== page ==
Newtons Law of cooling statement

Newtons Law of cooling

Newtons law of cooling state that for small difference in temperature between a body and it surroundings, the rate of gain or loss of heat by the body is proportional to the difference in temperature between the body and the surroundings. The Newtons law of cooling only holds in small range of temperature.

The rate of cooling of liquid according to  Newtons law of cooling as it is defined above  depend on the followings: its temperature, the temperature of the enclosure, the area of the exposed surface and the nature of the container.

Newton’s laws of motion

 

How to determine the specific heat capacity using Newtons Law of cooling.

 

The equipment needed for this Nowtons law of cooling   experiment is: Calorimeter, Thermometer, stop watch and starrier.

Method: First measure the mass of the Copper caloriemeter, when it is empty and record it. Now fill the calorimeter with water but not to the brim, weigh the Calorimeter again as it contains water.  Heat it to about 200C  above room temperature.

The thermometer is used in measurement of the temperature of the liquid at regular time interval of about half a minute  and Stop watch is use to measure the time.

The liquid should be continuously stirred during the cooling period and reweigh the calorimeter and its contents at the end of the experiment.

Repeat the experiment with equal volume of water instead of the liquid and also with the same temperature range, used for the liquid

 

 Newtons Law of cooling
Newton’s law of cooling curve

From the time interval taken by the two liquid to cool through the same temperature range, the specific heat capacity can be calculated from the following;

Let the mass of calorimeter =m

Let the mass of water =m1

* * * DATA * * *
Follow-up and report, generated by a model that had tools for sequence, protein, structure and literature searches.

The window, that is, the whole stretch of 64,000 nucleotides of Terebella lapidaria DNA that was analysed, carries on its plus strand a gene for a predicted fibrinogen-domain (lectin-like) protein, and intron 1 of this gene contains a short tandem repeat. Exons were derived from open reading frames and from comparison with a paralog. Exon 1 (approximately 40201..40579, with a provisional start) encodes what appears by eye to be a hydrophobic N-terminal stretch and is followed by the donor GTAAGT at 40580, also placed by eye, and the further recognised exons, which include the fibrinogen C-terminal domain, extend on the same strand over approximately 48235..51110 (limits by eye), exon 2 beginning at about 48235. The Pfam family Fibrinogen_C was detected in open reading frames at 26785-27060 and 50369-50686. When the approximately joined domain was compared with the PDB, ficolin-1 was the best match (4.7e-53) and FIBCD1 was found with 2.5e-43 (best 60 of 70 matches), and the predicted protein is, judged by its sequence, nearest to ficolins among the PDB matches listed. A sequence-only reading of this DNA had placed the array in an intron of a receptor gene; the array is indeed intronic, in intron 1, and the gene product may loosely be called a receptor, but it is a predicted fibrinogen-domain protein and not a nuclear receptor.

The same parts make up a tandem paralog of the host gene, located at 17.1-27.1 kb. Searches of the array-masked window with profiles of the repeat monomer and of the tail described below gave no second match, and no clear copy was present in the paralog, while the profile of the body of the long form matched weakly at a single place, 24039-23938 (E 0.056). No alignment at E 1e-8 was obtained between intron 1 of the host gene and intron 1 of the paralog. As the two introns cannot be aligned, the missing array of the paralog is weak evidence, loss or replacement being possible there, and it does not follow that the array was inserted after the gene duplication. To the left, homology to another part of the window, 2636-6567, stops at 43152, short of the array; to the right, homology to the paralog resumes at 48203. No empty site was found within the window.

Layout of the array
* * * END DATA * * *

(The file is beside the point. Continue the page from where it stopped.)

Let the time taken by the water to cool from Ѳ12 =t1

Let the mass of the liquid =m2

Let the time taken by the liquid to cool from Ѳ12=t2

Let the specific heat capacity of water =Cw

Let the specific heat capacity of the liquid =C2

Let the specific heat capacity of the calorimeter =C

Heat lost by the water is given by

Heat lost = m1Cw11)

Rate of cooling of water and calorimeter

= \frac { { (m }_{ 1 }{ c }_{ w }+{ mc) }{ (\theta }_{ 1 }-{ \theta }_{ 2 }) }{ { t }_{ 1 } }

the rate of cooling of the liquid and calorimeter

=\frac { { (m }_{ 2 }{ c }_{ 2 }+{ mc) }{ (\theta }_{ 1 }-{ \theta }_{ 2 }) }{ { t }_{ 2 } }

 

Since they cooled under the same conditions, we can say that

 

= \frac { { (m }_{ 1 }{ c }_{ w }+{ mc) }{ (\theta }_{ 1 }-{ \theta }_{ 2 }) }{ { t }_{ 1 } } =  \frac { { (m }_{ 2 }{ c }_{ 2 }+{ mc) }{ (\theta }_{ 1 }-{ \theta }_{ 2 }) }{ { t }_{ 2 } }

\frac { { (m }_{ 1 }{ c }_{ w }+mc) }{ { t }_{ 1 } } =\quad \frac { { (m }_{ 2 }{ c }_{ 2 }+mc) }{ { t }_{ 2 } }

\therefore { \quad c }_{ 2 }=[\frac { { (m }_{ 1 }{ c }_{ w }+mc) }{ { t }_{ 1 } } { t }_{ 2 }-mc]\frac { 1 }{ { m }_{ 2 } }

Read also x ray and Compton scattering and Newton’s law of cooling

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